“It was the most crying scandal of the Pacific,” exclaimed Davidson vehemently. “The missionaries had been agitating against it for years, and at last the local press took it up. The police refused to stir. You know their argument. They say that vice is inevitable and consequently the best thing is to localise and control it. The truth is, they were paid. Paid. They were paid by the saloon-keepers, paid by the bullies, paid by the women themselves. At last they were forced to move.”

“I read about it in the papers that came on board in Honolulu,” said Dr. Macphail.

“Iwelei, with its sin and shame, ceased to exist on the very day we arrived. The whole population was brought before the justices. I don’t know why I didn’t understand at once what that woman was.”

“Now you come to speak of it,” said Mrs. Macphail, “I remember seeing her come on board only a few minutes before the boat sailed. I remember thinking at the time she was cutting it rather fine.”

“How dare she come here!” cried Davidson indignantly. “I’m not going to allow it.”

He strode towards the door.

“What are you going to do?” asked Macphail.

“What do you expect me to do? I’m going to stop it. I’m not going to have this house turned into – into…”

He sought for a word that should not offend the ladies’ ears. His eyes were flashing and his pale face was paler still in his emotion.

“It sounds as though there were three or four men down there,” said the doctor. “Don’t you think it’s rather rash to go in just now?”

The missionary gave him a contemptuous look and without a word flung out of the room.

“You know Mr. Davidson very little if you think the fear of personal danger can stop him in the performance of his duty,” said his wife.

She sat with her hands nervously clasped, a spot of colour on her high cheek bones, listening to what was about to happen below. They all listened. They heard him clatter down the wooden stairs and throw open the door. The singing stopped suddenly, but the gramophone continued to bray out its vulgar tune. They heard Davidson’s voice and then the noise of something heavy falling. The music stopped. He had hurled the gramophone on the floor. Then again they heard Davidson’s voice, they could not make out the words, then Miss Thompson’s, loud and shrill, then a confused clamour as though several people were shouting together at the top of their lungs. Mrs. Davidson gave a little gasp, and she clenched her hands more tightly. Dr. Macphail looked uncertainly from her to his wife. He did not want to go down, but he wondered if they expected him to. Then there was something that sounded like a scuffle. The noise now was more distinct. It might be that Davidson was being thrown out of the room. The door was slammed. There was a moment’s silence and they heard Davidson come up the stairs again. He went to his room.

“I think I’ll go to him,” said Mrs. Davidson.

She got up and went out.

“If you want me, just call,” said Mrs. Macphail, and then when the other was gone: “I hope he isn’t hurt.”

“Why couldn’t he mind his own business?” said Dr. Macphail.

They sat in silence for a minute or two and then they both started, for the gramophone began to play once more, defiantly, and mocking voices shouted hoarsely the words of an obscene song.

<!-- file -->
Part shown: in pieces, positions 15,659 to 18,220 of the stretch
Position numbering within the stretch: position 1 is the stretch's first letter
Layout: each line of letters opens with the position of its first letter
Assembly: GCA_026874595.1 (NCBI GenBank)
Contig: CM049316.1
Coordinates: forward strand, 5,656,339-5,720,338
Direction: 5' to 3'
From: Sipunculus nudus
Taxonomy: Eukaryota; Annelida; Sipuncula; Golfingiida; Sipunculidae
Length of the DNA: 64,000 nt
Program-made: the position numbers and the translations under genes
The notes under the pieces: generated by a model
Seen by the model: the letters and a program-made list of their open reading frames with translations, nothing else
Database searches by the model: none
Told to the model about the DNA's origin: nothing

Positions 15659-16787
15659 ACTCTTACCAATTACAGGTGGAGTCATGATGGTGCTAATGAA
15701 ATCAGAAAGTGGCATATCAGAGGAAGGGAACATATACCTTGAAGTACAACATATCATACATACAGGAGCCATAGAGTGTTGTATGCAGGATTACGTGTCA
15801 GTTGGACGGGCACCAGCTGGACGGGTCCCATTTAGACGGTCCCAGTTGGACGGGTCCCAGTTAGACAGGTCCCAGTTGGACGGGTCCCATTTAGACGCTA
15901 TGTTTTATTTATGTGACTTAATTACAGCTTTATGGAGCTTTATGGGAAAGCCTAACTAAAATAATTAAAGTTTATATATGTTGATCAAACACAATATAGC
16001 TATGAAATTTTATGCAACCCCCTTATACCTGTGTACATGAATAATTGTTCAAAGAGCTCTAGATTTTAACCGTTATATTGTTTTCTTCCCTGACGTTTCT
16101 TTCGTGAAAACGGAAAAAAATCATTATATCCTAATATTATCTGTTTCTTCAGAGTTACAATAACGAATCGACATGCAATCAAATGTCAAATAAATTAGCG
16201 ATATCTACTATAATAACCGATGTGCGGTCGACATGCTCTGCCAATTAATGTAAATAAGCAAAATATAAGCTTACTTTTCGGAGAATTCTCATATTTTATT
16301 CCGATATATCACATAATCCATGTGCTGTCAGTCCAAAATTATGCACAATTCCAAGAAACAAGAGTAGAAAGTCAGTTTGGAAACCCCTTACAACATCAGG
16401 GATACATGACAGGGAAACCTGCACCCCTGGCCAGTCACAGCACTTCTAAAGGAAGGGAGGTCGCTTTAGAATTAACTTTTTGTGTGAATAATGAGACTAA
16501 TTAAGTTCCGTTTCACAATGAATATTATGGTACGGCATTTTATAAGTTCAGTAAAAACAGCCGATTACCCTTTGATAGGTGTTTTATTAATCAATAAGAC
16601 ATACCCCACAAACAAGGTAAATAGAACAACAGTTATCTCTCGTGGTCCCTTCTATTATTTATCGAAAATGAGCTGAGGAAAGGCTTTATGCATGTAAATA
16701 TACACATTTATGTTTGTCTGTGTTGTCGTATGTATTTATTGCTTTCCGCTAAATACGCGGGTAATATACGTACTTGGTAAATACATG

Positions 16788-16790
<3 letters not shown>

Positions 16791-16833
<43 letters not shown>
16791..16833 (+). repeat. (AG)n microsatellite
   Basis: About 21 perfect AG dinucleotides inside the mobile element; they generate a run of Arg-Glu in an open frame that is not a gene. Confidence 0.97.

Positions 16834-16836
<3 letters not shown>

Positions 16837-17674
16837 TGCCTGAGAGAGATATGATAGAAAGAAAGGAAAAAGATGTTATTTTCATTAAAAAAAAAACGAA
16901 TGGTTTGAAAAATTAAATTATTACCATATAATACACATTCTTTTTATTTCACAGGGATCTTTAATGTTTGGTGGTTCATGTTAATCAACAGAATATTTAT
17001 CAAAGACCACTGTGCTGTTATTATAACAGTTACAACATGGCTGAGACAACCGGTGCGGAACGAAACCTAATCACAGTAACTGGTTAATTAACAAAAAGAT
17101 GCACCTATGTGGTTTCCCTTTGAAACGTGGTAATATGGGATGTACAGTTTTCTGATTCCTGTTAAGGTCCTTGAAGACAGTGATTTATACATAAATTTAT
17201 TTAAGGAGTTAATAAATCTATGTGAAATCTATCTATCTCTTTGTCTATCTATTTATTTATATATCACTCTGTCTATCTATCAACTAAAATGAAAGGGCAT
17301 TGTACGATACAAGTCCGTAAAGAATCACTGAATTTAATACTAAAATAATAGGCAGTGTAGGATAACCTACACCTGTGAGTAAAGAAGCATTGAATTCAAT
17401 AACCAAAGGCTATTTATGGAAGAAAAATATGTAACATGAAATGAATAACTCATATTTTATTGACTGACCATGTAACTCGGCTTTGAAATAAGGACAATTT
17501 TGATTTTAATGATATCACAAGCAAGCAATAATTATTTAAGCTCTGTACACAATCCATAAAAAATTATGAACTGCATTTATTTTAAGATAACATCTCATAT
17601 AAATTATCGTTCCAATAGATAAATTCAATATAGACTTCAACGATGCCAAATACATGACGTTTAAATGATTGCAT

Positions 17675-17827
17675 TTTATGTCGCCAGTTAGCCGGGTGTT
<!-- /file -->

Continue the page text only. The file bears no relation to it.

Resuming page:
Next day Mrs. Davidson was pale and tired. She complained of headache, and she looked old and wizened. She told Mrs. Macphail that the missionary had not slept at all; he had passed the night in a state of frightful agitation and at five had got up and gone out. A glass of beer had been thrown over him and his clothes were stained and stinking. But a sombre fire glowed in Mrs. Davidson’s eyes when she spoke of Miss Thompson.

“She’ll bitterly rue the day when she flouted Mr. Davidson,” she said. “Mr. Davidson has a wonderful heart and no one who is in trouble has ever gone to I him without being comforted, but he has no mercy for sin, and when his righteous wrath is excited he’s terrible.”

“Why, what will he do?” asked Mrs. Macphail.

“I don’t know, but I wouldn’t stand in that creature’s shoes for anything in the world.”

Mrs. Macphail shuddered. There was something positively alarming in the triumphant assurance of the little woman’s manner. They were going out together that morning, and they went down the stairs side by side. Miss Thompson’s door was open, and they saw her in a bedraggled dressing-gown, cooking something in a chafing – dish.

“Good morning,” she called. “Is Mrs. Davidson better this morning?”

They passed her in silence, with their noses in the air, as if she did not exist. They flushed, however, when she burst into a shout of derisive laughter. Mrs. Davidson turned on her suddenly. “Don’t you dare to speak to me,” she screamed. “If you insult me I shall have you turned out of here.”

“Say, did I ask M. Davidson to visit with me?”

“Don’t answer her,” whispered Mrs. Macphail hurriedly.

They walked on till they were out of earshot.

“She s brazen, brazen,” burst from Mrs. Davidson.

Her anger almost suffocated her.

And on their way home they met her strolling towards the quay. She had all her finery on. Her great white hat with its vulgar, showy flowers was an affront. She called out cheerily to them as she went by, and a couple of American sailors who were standing there grinned as the ladies set their faces to an icy stare. They got in just before the rain began to fall again.

“I guess she’ll get her fine clothes spoilt,” said Mrs. Davidson with a bitter sneer.